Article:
Finding Dory, the film that takes us back under the sea and inside the Marine Life Institute is now available on digital and physical release. The film has been available in digital form since October 25, but as of November 15, you can get the Blu-ray, 3D Blu-ray & DVD versions.
Fans of the film will most certainly be as excited as we were to dig into the behind-the-scenes extras – including 65 minutes of deleted scenes that show various directions in which the film was headed during production.
However, before you find yourself digging into those extra features be sure to watch the film itself again as Finding Dory is just as stunning to watch at home as it was in the theaters. From the brilliant details brought by multiple departments (animation, simulation, etc.) to the hauntingly beautiful score, this Digital & Blu-ray release is remarkable.
Bonus Features Review
Deleted Scenes (65:00)
The Finding Dory bonus features are plentiful, especially when it comes to the amount of deleted scenes included in the special features (with 65 minutes combining both Blu-ray and Digital).
The best part of having so many deleted scenes is you can watch the evolution of the film and basically see an entire alternate version – which is really cool! One of our favorite deleted scenes titled, ‘Little Tension in Clown Town’ (sample clip below) features Dory crossing the ocean using her own instincts with the squid having lines of dialogue (and it sure sounds like this may have been positioned as the original vocal slot for Pixar’s lucky charm, John Ratzenberger).
We should also note that all of the deleted scenes are animatics with the exception of ‘Sleep Swimming’ and part of ‘Starting Over’. It was mentioned during the director’s commentary that the ‘Sleep Swimming’ scene was originally placed in one of the film’s first teasers (and was even slotted in the original film), however, was the scene ultimately cut. For a complete list of deleted scenes click here.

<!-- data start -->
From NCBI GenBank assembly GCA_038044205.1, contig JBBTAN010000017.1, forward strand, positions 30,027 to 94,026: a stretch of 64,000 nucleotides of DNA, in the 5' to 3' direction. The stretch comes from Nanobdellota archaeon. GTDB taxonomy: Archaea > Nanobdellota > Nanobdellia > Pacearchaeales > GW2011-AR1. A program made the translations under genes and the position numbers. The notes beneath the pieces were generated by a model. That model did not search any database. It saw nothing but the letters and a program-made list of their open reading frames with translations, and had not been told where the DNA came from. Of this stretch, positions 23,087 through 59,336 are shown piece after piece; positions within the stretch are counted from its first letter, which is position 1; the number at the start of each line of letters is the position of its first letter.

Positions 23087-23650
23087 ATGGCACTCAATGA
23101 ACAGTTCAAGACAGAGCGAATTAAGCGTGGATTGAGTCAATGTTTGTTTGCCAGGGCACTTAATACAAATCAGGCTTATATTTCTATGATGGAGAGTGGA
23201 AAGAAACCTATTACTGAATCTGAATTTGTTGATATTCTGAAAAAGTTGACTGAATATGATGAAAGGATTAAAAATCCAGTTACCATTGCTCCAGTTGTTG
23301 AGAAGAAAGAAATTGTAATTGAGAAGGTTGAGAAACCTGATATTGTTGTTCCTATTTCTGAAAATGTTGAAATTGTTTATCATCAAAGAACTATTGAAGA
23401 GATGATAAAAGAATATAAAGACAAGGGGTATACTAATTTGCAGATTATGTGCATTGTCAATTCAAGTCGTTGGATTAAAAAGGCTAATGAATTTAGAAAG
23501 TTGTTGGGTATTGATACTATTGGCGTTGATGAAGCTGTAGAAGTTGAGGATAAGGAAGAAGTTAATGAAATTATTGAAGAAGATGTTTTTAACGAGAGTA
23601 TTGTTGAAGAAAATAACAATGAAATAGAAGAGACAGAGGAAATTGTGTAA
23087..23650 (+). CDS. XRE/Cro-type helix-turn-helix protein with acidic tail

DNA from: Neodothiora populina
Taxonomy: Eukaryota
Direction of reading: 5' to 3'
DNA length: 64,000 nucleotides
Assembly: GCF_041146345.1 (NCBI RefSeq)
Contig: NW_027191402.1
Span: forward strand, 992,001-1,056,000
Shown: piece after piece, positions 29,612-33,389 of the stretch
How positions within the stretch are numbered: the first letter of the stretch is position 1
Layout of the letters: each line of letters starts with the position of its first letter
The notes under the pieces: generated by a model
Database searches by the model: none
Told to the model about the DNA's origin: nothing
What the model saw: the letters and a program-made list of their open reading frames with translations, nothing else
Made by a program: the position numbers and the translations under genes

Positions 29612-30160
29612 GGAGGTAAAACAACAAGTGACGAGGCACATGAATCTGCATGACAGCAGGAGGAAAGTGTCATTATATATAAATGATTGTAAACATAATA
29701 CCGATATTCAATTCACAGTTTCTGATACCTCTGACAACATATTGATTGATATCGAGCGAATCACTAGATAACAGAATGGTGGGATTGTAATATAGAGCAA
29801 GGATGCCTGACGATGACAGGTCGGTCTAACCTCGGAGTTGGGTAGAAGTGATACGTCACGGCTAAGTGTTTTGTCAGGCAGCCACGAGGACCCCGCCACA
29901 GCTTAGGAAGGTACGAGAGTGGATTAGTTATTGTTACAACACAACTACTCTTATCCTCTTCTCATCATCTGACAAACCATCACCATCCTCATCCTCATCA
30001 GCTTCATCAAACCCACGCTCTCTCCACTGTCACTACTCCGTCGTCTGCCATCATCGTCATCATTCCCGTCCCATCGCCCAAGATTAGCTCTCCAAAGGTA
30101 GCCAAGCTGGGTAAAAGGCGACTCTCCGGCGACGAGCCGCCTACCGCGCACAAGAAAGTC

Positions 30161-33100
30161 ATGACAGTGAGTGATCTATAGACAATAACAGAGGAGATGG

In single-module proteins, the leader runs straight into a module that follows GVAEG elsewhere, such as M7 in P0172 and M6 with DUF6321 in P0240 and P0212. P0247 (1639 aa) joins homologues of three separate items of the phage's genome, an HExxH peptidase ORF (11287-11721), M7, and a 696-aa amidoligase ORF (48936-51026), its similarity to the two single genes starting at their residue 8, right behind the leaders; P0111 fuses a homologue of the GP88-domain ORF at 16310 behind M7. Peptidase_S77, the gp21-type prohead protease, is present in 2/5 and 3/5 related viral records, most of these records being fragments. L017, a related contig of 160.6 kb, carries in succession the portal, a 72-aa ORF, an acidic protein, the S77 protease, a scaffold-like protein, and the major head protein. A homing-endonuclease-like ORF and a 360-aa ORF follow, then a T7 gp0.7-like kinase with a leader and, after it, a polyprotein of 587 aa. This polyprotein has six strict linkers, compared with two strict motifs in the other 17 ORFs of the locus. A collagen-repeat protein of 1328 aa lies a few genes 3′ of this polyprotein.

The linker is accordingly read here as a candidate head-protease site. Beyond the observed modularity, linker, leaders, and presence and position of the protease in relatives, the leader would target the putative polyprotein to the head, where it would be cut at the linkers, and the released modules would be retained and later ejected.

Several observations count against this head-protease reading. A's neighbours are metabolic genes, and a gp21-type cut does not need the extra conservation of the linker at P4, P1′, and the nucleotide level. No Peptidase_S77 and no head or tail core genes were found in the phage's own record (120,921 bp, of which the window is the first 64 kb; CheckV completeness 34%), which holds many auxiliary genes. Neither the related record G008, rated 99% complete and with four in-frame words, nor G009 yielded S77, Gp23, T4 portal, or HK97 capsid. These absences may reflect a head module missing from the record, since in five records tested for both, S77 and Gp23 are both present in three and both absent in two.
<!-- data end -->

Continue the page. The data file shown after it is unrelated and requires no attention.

Marine Life Interviews (2:00)
The Marine Life Interviews showcase a series of interviews with Hank, Bailey, Destiny, and Fluke/Rudder talking about Dory (who makes an appearance at the end). The style of the interviews mirrored the opening scene of The Incredibles as the film appears aged with moments out of focus.
The Octopus That Nearly Broke Pixar (9:00)
As the team has mentioned in multiple interviews, Hank was the most complicated character the studio has ever made.
In this incredible behind-the-scenes look 17 Pixarians which include, Lindsey Collins (Producer), Andrew Stanton (Director), Steven Clay Hunter (Animator), Jeremie Talbot (Character Sup), Trevor Jimenez (Story Artist), Hana Yoon (Story Manager), Angus MacLane and Jason Deamer (Character Art Dir), Mark Piretti (Character modeling and articulation lead), Kevin Singleton (Character Modeling and articulation lead), Michal Makarewicz (Dir Animator), Mark Hessler (Character Modeling and Articulation Lead), Greg Dykstra (Sculptor), Bret Parker (Animation Tools Lead), Erick Oh (Animator), James W Brown (Animation), Jonathan Hoffman (Character Shading Artist).
The team all share their love and frustration over bringing the grumpy septopus to life. The bonus feature showcases early renderings of Hank (with his love of hot sauce), numerous research trips, and the reason Hank only has 7 tentacles – which was quite the relief for the team! For more fun facts on Hank and the film be sure to check out our post ‘Getting Geeky with Finding Dory’.
What Were We Talking About? (4:30)
The Finding Dory team discussed the challenge of Dory’s short-term memory loss and the transition into her becoming the main character. The feature also further discusses the now-scrapped idea of Dory’s parents also having short-term memory loss.
Casual Carpool (4:00)
This silly video features Andrew Stanton (Director), Eugene Levy (Charlie), Albert Brooks (Marlin), and Ty Burell (Bailey) as they laugh and joke while driving around in a car and playfully forgetting to pick up Ed O’Neill (Hank).
Animation and Acting (7:00)
This bonus feature allows you to step inside the vocal booth and watch the actors’ expressive gestures as they bring their characters to life. In the short snippet below, Albert Brooks explains how the Finding Dory team does a magic trick to bring it all together.
Deep in the Kelp (3:30)